A neuroscientist by day, Dave Sulzer explores synapses formed by the midbrain dopamine projections that underlie reward, learning and voluntary motor control. But by night, as Dave Soldier, he’s an avant-garde musician. Getting a second wind in retirement (Jonathan Michael Peel)
Should we be surprised, then, that he has such an appreciation for the artistic accomplishments of elephants? Or that he conducts an orchestra of multi-ton retirees from the logging industry? An orchestra that, boasts his partner in the enterprise, Richard “Professor Elephant” Lair, is “three-times the weight of the Berlin Philharmonic”?
Without a score or elaborate cueing and with few limitations beyond Dave’s deliberate gestures to start and stop them, these lucky instrumentalists play pretty much what they want and have a ball improvising on cymbals, gongs, renaats and harmonicas. Dave says some of the players don’t stop when he tells them to do so—even when they KNOW that’s what they should do—just for the fun of it! What teases!
And what characters! As in any ensemble, each player is his or her own person. Some of the elephants took to their instruments from the get-go, while others had to practice quite a bit to connect with their inner artist. Mei Kot, “the 8,000-pound seventeen- year-old-girl,” was frightened at first by the gong but later was eager to play it. Pattidah so loved playing the renaat that Dave couldn’t get her to stop. And Poong, the six-year old elephant boy, became the best renaat player, until he got bored with it. So like a youngster! Dave tells about Pratidah and Luk Kang, two teenage girl elephants who would run up to each other when they happened to meet, stroking and cooing, as adolescent girls will do.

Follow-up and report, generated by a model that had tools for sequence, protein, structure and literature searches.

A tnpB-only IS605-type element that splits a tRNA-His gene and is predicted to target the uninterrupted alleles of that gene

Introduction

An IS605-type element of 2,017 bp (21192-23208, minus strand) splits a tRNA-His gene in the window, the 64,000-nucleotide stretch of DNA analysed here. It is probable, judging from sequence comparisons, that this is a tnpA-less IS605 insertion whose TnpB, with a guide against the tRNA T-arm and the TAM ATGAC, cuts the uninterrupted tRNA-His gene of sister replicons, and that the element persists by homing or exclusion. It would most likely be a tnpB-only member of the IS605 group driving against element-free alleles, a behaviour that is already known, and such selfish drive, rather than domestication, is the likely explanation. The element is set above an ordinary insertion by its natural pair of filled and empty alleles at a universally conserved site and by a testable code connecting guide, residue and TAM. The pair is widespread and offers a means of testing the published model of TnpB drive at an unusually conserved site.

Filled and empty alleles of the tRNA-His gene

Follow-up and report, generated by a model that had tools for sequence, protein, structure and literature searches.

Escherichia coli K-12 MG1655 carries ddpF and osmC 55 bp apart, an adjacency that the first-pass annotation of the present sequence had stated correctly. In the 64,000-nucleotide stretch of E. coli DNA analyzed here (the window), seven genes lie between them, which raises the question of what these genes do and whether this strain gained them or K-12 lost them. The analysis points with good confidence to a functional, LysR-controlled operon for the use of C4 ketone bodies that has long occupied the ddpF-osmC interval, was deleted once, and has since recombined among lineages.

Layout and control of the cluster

The orchestra did a command performance for her majesty queen Sirikit of Thailand, whose favorite piece was ” My Way.” Surely, Dave Sulzer can look back on his life and claim that he, too, did it his way!